Special to Indian Country Today
The Canadian country music scene was shocked by the sudden death of Cree singer/songwriter Shane Yellowbird, whose childhood dreams of being a rodeo cowboy turned to performing when he began singing to help his stutter. He was 42.
An outpouring of praise for Yellowbird came from country music performers, fans and others across Canada. Yellowbird died April 25.
“It’s a sad day in the Canadian country music world as we’ve learned that Cree country singer Shane Yellowbird has passed away at the age of 42,” Pure Country 93 radio station in London, Ontario, posted to Instagram.
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Blues singer Crystal Shawanda, one of Canada’s top Indigenous artists who came on the music scene soon after Yellowbird’s debut in 2007, posted a photo of herself and Yellowbird on Instagram.
“I’ve been in shock since I heard the heartbreaking news of the passing of country music artist Shane Yellowbird,” she posted. “He called me Lil Sis and I called him Bro, we were just 2 Rez kids that decided to go for it… We were lucky to be there and we knew it.”
Singer Jade Turner, who is from the Misipawisitik Cree Nation in Northern Manitoba and who released her third full album in February, said she looked to Yellowbird as an inspiration.
“I remember the very first time that I saw him – it was on CMT,” Turner told Indian Country Today from her home in Selkirk, Manitoba, referring to Country Music Television. “I was at my mom’s place… I looked over and I was like, what the heck? I called to my mom, ‘I’m pretty sure this guy is Indigenous.’”
Turner said Yellowbird’s success broke a path for others to follow.
“To see somebody that was from a rez in Canada and that you could actually relate to, you know. I come from the exact same kind of situation that this person comes from and they were able to deal with it,” she said. “And that’s really important for me, and for anybody who’s out there that just wants to allow themselves to dream that big.”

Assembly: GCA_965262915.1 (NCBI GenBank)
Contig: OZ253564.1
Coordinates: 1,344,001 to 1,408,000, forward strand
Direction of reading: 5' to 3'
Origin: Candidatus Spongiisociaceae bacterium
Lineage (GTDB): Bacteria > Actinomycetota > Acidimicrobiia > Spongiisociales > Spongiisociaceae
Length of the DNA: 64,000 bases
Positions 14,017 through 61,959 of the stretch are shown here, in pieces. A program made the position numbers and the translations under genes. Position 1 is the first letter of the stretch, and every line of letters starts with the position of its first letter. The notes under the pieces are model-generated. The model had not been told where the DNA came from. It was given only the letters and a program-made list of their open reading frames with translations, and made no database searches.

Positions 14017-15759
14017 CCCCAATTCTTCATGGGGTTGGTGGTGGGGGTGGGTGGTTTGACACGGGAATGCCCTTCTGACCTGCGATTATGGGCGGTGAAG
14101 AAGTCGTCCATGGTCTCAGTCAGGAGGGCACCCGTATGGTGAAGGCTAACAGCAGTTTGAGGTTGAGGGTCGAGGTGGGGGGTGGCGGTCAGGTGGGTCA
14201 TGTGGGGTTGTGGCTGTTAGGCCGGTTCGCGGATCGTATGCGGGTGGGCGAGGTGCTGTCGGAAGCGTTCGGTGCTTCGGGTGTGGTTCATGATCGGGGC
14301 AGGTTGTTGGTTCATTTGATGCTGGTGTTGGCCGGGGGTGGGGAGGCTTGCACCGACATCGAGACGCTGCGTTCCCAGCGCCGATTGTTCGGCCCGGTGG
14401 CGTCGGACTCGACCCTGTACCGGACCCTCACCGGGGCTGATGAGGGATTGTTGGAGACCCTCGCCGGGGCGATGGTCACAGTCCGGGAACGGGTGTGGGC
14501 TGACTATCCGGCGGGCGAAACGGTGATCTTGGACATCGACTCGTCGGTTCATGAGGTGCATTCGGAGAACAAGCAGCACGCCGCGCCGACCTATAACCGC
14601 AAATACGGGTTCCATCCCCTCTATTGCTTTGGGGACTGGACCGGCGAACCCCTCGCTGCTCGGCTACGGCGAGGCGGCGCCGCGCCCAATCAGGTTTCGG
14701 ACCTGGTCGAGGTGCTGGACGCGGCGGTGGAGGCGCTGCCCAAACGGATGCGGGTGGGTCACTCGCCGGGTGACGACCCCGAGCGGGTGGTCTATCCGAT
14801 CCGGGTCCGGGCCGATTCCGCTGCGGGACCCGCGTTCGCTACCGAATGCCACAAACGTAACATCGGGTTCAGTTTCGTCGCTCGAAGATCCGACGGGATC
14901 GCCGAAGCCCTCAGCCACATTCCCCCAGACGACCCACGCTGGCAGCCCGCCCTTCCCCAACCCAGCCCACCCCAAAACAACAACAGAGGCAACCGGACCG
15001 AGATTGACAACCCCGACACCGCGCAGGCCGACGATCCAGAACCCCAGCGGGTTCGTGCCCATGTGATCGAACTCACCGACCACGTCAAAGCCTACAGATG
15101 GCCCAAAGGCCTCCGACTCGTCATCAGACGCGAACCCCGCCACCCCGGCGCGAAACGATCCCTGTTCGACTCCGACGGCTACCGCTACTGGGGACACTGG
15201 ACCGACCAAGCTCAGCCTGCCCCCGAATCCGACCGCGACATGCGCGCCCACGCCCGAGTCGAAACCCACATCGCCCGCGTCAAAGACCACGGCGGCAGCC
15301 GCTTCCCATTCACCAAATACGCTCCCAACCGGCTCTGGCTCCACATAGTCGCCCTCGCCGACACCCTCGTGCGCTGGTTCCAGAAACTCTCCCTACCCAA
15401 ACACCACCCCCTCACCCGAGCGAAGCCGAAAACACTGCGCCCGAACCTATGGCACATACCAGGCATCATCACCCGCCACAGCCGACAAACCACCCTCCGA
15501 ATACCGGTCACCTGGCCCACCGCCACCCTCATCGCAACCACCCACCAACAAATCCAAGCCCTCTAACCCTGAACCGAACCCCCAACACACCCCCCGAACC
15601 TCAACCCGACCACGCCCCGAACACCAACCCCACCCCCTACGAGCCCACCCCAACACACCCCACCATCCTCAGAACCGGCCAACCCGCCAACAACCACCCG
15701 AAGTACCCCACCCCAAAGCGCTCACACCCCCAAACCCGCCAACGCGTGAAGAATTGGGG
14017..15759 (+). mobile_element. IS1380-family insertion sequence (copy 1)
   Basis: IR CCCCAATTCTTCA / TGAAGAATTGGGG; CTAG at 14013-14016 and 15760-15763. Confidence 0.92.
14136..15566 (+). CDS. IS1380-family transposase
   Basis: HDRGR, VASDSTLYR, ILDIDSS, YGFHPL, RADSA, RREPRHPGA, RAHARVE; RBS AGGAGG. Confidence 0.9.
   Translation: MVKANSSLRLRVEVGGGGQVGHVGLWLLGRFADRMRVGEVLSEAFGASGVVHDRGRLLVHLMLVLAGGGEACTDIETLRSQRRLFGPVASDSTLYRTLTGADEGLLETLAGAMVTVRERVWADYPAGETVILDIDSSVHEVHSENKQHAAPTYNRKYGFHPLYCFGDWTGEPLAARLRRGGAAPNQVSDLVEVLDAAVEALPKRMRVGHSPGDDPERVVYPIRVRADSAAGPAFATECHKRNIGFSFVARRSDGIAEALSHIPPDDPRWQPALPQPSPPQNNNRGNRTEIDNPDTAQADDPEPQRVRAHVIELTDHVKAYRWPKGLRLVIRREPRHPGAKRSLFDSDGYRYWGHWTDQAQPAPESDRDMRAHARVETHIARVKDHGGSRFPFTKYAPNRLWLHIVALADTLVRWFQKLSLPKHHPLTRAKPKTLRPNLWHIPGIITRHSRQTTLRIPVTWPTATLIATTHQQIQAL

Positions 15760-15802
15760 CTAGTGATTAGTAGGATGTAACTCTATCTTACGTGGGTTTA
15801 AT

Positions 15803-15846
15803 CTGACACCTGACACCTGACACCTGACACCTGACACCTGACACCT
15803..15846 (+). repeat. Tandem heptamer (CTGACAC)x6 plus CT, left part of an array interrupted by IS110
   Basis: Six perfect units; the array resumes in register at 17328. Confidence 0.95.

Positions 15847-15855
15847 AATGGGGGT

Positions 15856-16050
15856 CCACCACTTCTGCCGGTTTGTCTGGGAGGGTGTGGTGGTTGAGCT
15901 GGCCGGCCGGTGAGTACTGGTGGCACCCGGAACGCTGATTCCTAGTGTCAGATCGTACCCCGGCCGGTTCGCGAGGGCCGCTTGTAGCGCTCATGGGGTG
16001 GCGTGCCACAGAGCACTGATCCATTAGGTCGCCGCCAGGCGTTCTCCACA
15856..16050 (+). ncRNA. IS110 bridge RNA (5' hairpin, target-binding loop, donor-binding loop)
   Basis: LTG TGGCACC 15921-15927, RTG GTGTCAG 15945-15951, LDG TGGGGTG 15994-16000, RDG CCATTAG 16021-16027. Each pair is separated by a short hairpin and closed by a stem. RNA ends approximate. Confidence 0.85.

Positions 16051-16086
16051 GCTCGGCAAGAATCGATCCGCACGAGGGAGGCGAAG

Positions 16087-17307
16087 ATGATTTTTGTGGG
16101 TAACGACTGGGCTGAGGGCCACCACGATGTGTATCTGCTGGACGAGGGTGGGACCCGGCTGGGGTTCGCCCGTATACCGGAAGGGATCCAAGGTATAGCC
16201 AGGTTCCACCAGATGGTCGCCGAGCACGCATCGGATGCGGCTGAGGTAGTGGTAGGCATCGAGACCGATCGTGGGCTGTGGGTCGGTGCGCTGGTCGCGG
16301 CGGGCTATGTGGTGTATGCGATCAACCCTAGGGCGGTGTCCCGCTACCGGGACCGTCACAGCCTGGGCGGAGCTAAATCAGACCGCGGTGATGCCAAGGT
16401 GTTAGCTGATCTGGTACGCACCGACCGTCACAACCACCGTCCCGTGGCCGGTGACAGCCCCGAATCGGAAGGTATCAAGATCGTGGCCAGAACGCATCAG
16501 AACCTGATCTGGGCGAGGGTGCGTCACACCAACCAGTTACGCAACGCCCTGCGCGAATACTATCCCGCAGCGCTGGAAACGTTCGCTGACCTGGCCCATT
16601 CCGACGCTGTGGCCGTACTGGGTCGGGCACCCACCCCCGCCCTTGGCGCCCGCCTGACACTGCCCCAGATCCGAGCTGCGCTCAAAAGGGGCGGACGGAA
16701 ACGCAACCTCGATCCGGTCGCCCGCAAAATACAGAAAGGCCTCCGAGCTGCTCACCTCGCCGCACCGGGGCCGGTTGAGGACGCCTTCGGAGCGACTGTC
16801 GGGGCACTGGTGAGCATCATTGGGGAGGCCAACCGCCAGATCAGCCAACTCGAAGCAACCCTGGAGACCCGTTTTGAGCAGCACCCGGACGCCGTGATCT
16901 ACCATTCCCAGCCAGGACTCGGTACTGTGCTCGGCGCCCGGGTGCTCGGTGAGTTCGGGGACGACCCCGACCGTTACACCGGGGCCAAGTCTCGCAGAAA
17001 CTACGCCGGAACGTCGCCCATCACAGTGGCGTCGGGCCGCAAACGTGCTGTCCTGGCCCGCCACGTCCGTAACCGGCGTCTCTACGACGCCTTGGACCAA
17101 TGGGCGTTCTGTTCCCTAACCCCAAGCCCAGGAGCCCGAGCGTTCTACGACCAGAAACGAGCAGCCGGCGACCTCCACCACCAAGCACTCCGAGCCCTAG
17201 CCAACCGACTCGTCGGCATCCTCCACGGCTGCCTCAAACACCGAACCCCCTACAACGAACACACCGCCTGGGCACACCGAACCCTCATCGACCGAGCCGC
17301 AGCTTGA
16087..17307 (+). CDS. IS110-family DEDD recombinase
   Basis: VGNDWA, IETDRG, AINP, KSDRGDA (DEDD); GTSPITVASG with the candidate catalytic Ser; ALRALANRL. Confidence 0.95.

The Society of Composers, Authors and Music Publishers posted a memorial to Yellowbird on its website.
“In 2009, he became one of only three Indigenous artists to ever perform at the Grand Ole Opry in Nashville,” according to the post, “where he was overjoyed to meet and chat with his hero and fellow stutterer, country superstar Mel Tillis. ”
Yellowbird received a number of accolades during his career. He released his debut album, “Life is Calling My Name,” in 2007 to much success and acclaim, with the single, “Pickup Truck,” from the album a top five hit on the Canadian country singles chart.
Later that year he received the Rising Star of the year award at the Canadian Country Music Awards. He went on to win two Native American Music Awards, for best country recording in 2011 for the US release of “Life is Calling My Name,” and in 2012 for his release, “It’s About Time.”
Yellowbird was from the Maswacis Cree Nation about 70 miles south of Edmonton, Alberta. He grew up in a rodeo family and dreamed of riding for championship buckles.
He had a stutter, however, and one of the therapies he used was singing. He soon found out that not only could he sing without stuttering but he had a sweet, country-tinged tenor voice.
When he hit the stage, the spurs weren’t for show – he was a true Indian Cowboy.
Yellowbird was also known to have epilepsy and had talked publicly about the condition. The British Columbia Epilepsy Society posted on its official Twitter account about his death.
“All of us at the BC Epilepsy Society send our thoughts to his family, friends, loved ones, and fans who are all coping with this immense loss,” official tweeted.
Candlelight vigils for Yellowbird were held at the Alberta legislative grounds on April 27-28 and featured prayers, songs, stories, dancers and other performers.
In her Instagram post, Shawanda summed up the loss.
“He was a trailblazer and no male Indigenous country music artist has yet to do what he did, which shows the magnitude of what he accomplished,” she said. “Too young, too soon. Sending prayers for his journey home, and for all his family, friends and fans of him. See you later Bro.”
The cause of death remains unknown.
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